At first the thought intrigued me. Imagine Allen Iverson in a Knicks uniform.
And when I thought more about it, I realized that we really aren't part of the Isiah Thomas Era anymore. Imagine if Zeke were still calling the shots this summer?
Fortunately for Knicks fans, he isn't, and they all should pinch themselves every time they think of the team that resides at 2 Penn Plaza.
Even though they came into the league together, I always felt that Iverson was grouped in with Stephon Marbury far too often. Iverson could be a pain, just ask Larry Brown, but if you've ever talked with one of his teammates, no one has played harder for 48 minutes than AI. As for practice, well, we ain't talkin' about practice.
The thing that has separated Iverson from the likes of say, Michael Jordan, was the fact that Jordan led every single day and the others around him weren't allowed to skate. Iverson showed up on game nights.
Both Iverson and Marbury have had similar mentalities throughout the course of their careers. They want to take the shots and want to orchestrate the offense after they get touches first. And, ironically, like Marbury, Iverson gets looked upon negatively based upon team success after he was traded.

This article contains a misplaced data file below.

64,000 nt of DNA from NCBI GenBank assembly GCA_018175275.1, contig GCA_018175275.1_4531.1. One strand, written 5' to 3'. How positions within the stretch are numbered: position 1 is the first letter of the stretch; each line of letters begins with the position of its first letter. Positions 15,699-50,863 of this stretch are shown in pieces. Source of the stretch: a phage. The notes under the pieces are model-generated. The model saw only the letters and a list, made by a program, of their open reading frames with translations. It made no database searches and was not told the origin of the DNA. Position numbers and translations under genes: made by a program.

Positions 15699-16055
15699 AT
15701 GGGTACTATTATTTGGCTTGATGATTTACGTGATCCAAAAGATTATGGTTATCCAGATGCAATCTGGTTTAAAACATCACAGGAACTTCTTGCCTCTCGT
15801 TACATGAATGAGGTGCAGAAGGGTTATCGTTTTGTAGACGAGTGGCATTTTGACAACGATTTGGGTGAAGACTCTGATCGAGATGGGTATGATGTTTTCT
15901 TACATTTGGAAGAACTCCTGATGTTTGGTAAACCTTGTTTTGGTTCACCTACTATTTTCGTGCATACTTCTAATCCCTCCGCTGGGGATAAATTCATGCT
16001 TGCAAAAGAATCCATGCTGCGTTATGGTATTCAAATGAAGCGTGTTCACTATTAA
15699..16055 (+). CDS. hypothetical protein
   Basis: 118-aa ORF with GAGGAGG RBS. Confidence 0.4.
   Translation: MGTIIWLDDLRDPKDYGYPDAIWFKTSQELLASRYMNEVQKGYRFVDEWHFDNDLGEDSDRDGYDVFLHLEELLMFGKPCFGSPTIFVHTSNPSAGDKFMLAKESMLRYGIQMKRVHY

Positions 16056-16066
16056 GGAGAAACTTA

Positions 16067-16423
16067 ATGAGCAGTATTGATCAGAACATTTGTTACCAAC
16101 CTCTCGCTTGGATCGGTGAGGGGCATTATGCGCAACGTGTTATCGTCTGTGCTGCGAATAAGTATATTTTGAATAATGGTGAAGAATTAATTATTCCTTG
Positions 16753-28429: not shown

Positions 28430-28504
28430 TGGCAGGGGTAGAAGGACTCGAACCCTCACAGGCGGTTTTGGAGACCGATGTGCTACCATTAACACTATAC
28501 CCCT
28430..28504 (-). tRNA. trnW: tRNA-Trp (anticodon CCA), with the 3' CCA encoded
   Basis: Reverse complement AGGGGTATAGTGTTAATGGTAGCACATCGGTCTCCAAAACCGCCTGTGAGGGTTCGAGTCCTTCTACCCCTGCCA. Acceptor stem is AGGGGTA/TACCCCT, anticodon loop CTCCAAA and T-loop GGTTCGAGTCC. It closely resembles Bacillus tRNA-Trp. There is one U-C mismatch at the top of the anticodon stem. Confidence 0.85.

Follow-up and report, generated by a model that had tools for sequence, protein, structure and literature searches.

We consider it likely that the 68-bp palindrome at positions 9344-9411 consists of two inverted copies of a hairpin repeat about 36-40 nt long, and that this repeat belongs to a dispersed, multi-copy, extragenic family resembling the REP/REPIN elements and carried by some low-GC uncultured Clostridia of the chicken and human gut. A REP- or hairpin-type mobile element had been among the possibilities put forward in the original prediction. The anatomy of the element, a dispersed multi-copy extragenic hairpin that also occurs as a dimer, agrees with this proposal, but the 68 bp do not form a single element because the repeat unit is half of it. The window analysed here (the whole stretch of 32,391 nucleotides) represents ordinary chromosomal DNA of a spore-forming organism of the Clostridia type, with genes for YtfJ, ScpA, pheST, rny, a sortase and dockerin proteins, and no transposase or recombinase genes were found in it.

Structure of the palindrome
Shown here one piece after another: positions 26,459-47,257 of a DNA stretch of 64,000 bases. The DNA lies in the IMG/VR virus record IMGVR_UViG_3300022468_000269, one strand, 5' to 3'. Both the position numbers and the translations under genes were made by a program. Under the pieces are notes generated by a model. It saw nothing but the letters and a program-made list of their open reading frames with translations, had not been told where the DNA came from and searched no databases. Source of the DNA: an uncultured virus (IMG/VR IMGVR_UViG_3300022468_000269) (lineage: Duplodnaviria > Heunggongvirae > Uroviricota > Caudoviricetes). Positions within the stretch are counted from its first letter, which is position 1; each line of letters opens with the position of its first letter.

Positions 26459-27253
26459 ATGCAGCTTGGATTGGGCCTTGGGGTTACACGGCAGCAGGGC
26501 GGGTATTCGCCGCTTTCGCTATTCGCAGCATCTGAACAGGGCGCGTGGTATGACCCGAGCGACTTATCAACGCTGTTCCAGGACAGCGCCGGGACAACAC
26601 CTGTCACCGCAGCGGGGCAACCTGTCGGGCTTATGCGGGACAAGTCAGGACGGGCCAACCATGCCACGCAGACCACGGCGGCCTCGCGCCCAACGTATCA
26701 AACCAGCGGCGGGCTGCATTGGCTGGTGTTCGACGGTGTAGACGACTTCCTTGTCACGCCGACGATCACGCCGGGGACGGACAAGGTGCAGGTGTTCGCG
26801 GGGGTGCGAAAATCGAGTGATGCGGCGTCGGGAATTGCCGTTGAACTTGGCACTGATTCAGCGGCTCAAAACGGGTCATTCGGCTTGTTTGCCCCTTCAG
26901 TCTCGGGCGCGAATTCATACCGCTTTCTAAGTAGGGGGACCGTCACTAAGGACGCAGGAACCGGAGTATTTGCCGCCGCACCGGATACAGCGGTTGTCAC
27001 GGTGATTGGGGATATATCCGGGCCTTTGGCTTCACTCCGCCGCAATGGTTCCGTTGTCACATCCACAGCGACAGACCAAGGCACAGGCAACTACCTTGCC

Marbury was traded to the Suns for Jason Kidd and the Nets drastically improved, and when the Suns shipped Steph to the Big Apple, they soon signed Steve Nash and that resulted in two MVPs. When Denver traded Iverson for Chauncey Billups, the Nuggets' team chemistry improved and they advanced to the Western Conference Finals.
Fair or unfair, as the old saying goes, "it is what it is."
I gained a ton of respect for Iverson during the 76ers' 2001 run to the Finals, which ultimately ran out of steam against the Lakers. But Iverson's team mentality once Coach Brown moved him off the ball to the shooting guard position was admirable, and to me, that separates him from Marbury. Steph couldn't get past Brown's criticism of his game, even though Brown was trying to make Marbury and the Knicks a more cohesive team. Brown had the same positive influence on Billups in Detroit.
With that said, Donnie Walsh knows that this team is headed in a different direction, and doesn't want to inject Iverson into a locker room that is filled with youth. It's fine if it were a Jason Kidd, an orchestrator, or Grant Hill, a gentleman, but Iverson brings too much to prove along with him.
Sure, it could have worked and Iverson may have shown the flashes that made him a superstar in this league. He could have lit up the Garden some nights and brought the fans to their feet. Dollars to donuts, if Zeke were here he'd already be signed.
But as Walsh patiently continues to search for the "answers" to improve a fragile organization, the wise move is to pass on this one.